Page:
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Addison Cameron-Huff

City of Toronto Electoral Region
Addison Cameron-Huff

Candidate bio description

I’m a blockchain lawyer. Since 2014 I’ve been advising the people who are building the future, including the founders of Ethereum, Bitcoin core developers, and blockchain companies across Canada and abroad. I’m a sole practitioner in Toronto doing 100% blockchain law. In 2017-2018 I was the President of a leading blockchain software company where I managed a team of approximately 30 people. Further information about me is available at https://www.cameronhuff.com. I started my career in law as a summer student in BlackBerry’s technology licensing group then articled at McCarthy Tetrault. I have worked as a software developer and launched several online businesses, including a global law search engine that involved machine translation of foreign laws.

What inspired you to run for bencher this year?

Software is changing every industry. Lawyers need to understand technological issues and the legal regulator ought to have that understanding too. I can provide this input because of my many years as a programmer and a lawyer working for the technology industry (more specifically, blockchain businesses). As a bencher I will ensure that legal professionals don't miss out on the benefits of. technology.

What do you believe is the biggest issue facing the legal profession?

The number of people in Ontario who aren't being assisted by legal professionals is the biggest issuing facing our profession. Unserved/underserved people are a multi-billion dollar opportunity for licensees and a travesty for the affected people. We can do better as a profession and as a society.

What would be your first priority upon election?

Carefully reviewing the LSO's ongoing initiatives, staff reports, and projects. As a bencher I will be joining a long line of very smart people who have served the profession. After reviewing what's been done, my next priority will be to review what the profession thinks should be done in order to ensure that the LSO is responsive to the profession and the public. This can be accomplished through surveys, consultations, workshops, websites, social media, etc. We have tens of thousands of lawyers in Ontario who have great ideas about how the LSO should be run and I will ensure that those ideas are canvassed.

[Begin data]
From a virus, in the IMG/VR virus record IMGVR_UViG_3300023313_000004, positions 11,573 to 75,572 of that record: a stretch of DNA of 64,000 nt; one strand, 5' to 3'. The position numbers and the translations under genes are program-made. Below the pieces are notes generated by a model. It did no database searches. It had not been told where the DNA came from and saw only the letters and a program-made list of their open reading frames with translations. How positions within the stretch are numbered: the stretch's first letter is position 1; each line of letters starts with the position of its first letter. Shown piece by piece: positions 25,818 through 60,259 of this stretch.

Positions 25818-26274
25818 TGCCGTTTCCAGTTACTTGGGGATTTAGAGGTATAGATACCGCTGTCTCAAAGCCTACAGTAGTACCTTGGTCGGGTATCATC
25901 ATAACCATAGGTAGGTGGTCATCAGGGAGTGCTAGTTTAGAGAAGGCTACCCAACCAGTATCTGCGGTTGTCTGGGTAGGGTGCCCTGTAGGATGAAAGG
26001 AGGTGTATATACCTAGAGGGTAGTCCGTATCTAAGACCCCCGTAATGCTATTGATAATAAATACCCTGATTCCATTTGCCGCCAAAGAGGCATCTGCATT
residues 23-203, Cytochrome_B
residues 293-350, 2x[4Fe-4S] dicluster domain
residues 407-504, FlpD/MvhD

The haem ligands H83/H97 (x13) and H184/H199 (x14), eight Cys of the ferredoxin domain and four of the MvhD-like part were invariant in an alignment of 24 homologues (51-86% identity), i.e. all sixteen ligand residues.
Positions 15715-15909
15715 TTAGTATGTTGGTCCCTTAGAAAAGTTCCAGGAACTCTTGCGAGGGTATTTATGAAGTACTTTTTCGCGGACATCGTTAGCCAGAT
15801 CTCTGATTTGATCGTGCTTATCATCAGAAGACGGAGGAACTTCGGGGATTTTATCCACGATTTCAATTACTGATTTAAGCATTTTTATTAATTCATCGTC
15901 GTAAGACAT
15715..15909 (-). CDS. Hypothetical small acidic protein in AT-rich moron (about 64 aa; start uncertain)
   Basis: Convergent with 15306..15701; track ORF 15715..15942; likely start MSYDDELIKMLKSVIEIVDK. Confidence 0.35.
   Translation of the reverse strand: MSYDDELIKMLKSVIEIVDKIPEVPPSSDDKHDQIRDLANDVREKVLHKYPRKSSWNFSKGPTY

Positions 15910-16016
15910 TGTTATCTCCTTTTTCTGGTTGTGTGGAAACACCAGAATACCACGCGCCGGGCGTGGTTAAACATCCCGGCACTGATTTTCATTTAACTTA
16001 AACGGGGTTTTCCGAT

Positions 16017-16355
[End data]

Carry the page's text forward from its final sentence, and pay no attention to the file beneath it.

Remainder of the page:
What do you hope to achieve over the next four years as a member of Convocation?

I hope to leave the LSO better positioned to tackle technological challenges. Software pervades our lives but is rarely mentioned by the LSO. As licensees, we deserve an LSO that understands the shifting technological landscape.

What's the most pressing concern for the profession in your region of the province?

All of the factors that cause people to leave the profession. The legal profession loses many talented people every year to other sectors, mental health issues, inadequate income (especially in areas outside of major cities), drug/alcohol issues, stress, burnout, poor client outcomes, etc. I think that one of the best lenses to view the profession is through the eyes of the people who leave it. I recently met a medical student who quit the profession shortly after becoming licensed. We're losing great people to other careers, and we're losing great people to a wide variety of factors that make law a poor choice for them. More can be done to ensure that law is a rewarding career for as many people as possible.

Do you support the requirement to create and abide by a statement of principles?

This issue has caused major division within the legal profession but has received almost no attention outside of legal circles. I think the public would be better served by focusing on other issues. The LSO must get a handle on the SOP issue and find a resolution that satisfies licensees so that everyone can move on to the issues that matter. I understand the positive intentions of the LSO in creating the SOP requirement, and I understand the objections that some members of the profession have raised. I suspect there is a resolution to this issue that accomplishes the spirit of the SOP but with a different approach. But this would not be a focus of my term as bencher.

Poll Question


The Law Society of Ontario is in the midst of a major overhaul of the role of paralegals in family law — and a proposal on the issue could become an imminent issue for the regulator’s newly elected benchers. Do you agree with widening the scope of family law matters that paralegals can address?